“It’s normal for universities and colleges to raise tuition eventually or periodically, but seeing the amount of $1,500, that’s kind of a lot,” she said. “Like why they’re having to do it? I kind of wish they would share that with us instead of just like, ‘oh, tuition is more now.’”

In a series of presentations this week, Kim said the college needs to make $19 million in cuts for next fall.

He also said in a Faculty Senate meeting today that at the direction of the Board of Trustees, the college will start a process to determine whether its financial situation is so bad that it may need to lay off full-time faculty with tenure appointments. 

In an email on Thursday, Feb. 8 from Senior Vice President and Provost Marcella David stressed the urgency of addressing the financial issues.

Kim also said due to “reputational damage” from the strike, student applications for the fall 2024 semester are down 11% below what they were during the fall 2023 semester.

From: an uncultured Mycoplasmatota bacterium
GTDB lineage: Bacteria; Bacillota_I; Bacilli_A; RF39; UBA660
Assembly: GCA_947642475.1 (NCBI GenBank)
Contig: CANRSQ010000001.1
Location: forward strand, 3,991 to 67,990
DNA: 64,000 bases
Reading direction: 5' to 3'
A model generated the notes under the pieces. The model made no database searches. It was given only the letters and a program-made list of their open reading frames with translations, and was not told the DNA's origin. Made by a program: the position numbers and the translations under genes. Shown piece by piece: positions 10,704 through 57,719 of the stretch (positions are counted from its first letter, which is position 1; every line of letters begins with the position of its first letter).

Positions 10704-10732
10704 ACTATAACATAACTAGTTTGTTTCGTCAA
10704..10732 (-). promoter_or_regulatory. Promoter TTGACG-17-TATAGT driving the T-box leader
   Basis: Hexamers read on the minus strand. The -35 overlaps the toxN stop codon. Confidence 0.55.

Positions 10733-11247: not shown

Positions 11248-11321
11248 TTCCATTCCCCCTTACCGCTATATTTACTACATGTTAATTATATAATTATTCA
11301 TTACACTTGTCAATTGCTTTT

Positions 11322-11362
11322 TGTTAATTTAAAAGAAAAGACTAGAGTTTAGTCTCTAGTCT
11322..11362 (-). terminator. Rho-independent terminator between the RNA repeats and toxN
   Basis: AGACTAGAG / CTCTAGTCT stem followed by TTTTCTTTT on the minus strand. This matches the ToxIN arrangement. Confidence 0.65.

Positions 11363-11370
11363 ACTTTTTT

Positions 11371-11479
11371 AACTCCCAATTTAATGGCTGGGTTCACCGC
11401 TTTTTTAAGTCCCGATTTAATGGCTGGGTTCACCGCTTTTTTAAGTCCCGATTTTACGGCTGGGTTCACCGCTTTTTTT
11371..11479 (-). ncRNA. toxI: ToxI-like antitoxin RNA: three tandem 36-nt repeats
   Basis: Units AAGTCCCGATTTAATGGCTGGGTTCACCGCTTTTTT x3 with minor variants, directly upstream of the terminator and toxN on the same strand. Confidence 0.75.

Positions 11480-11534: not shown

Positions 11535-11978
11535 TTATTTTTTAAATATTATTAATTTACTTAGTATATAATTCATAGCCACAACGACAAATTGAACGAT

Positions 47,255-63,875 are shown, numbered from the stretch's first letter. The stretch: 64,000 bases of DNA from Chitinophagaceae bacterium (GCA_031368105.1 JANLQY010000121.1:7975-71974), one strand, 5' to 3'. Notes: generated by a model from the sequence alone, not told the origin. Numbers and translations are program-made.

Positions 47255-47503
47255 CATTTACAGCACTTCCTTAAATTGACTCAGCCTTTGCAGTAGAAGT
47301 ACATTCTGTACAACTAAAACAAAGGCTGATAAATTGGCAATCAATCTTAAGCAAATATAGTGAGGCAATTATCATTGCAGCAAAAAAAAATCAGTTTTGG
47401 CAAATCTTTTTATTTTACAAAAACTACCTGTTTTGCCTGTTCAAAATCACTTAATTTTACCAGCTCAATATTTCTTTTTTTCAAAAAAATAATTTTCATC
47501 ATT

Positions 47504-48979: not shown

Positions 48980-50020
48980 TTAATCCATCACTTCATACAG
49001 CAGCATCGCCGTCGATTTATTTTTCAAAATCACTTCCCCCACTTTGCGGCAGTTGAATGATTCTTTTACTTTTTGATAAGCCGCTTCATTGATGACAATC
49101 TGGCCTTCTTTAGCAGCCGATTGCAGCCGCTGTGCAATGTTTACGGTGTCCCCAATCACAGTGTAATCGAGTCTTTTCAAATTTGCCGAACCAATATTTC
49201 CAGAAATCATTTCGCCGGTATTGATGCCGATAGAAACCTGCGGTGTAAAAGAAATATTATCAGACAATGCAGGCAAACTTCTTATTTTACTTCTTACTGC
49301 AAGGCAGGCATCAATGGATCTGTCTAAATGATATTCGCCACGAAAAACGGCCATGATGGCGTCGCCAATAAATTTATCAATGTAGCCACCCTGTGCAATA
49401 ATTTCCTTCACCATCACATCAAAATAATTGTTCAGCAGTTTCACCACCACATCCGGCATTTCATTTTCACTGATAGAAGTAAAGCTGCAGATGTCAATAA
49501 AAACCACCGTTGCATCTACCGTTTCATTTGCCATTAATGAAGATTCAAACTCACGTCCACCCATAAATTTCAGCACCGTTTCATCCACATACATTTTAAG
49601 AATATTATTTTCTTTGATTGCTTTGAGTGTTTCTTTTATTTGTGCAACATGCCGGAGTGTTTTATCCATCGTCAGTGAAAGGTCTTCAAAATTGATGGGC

“A smaller enrollment will impact next year’s revenue and make the need to continue to address the cost of the delivery of education at Columbia College Chicago as urgent next year as in the past few years,” she said.

The provost’s office is aiming for an overall budget reduction of $3.8 million, or 6.8%. 

David said she expects some departments to “adjust their fall and spring schedules to react to the lower enrollment target,” and for some departments to create larger section sizes.

Sophomore animation major Alex Cardenas said they feel “betrayed,” between the tuition increase and the part-time faculty strike last fall that disrupted the semester for seven weeks.

“I thought that Columbia was going to be a good enough school to teach me what I needed to know for my career,” Cardenas said. “I had high expectations when I first entered freshman year, and I started losing hope after the strike, especially since one of [CFAC’s] big reasons was because of money.”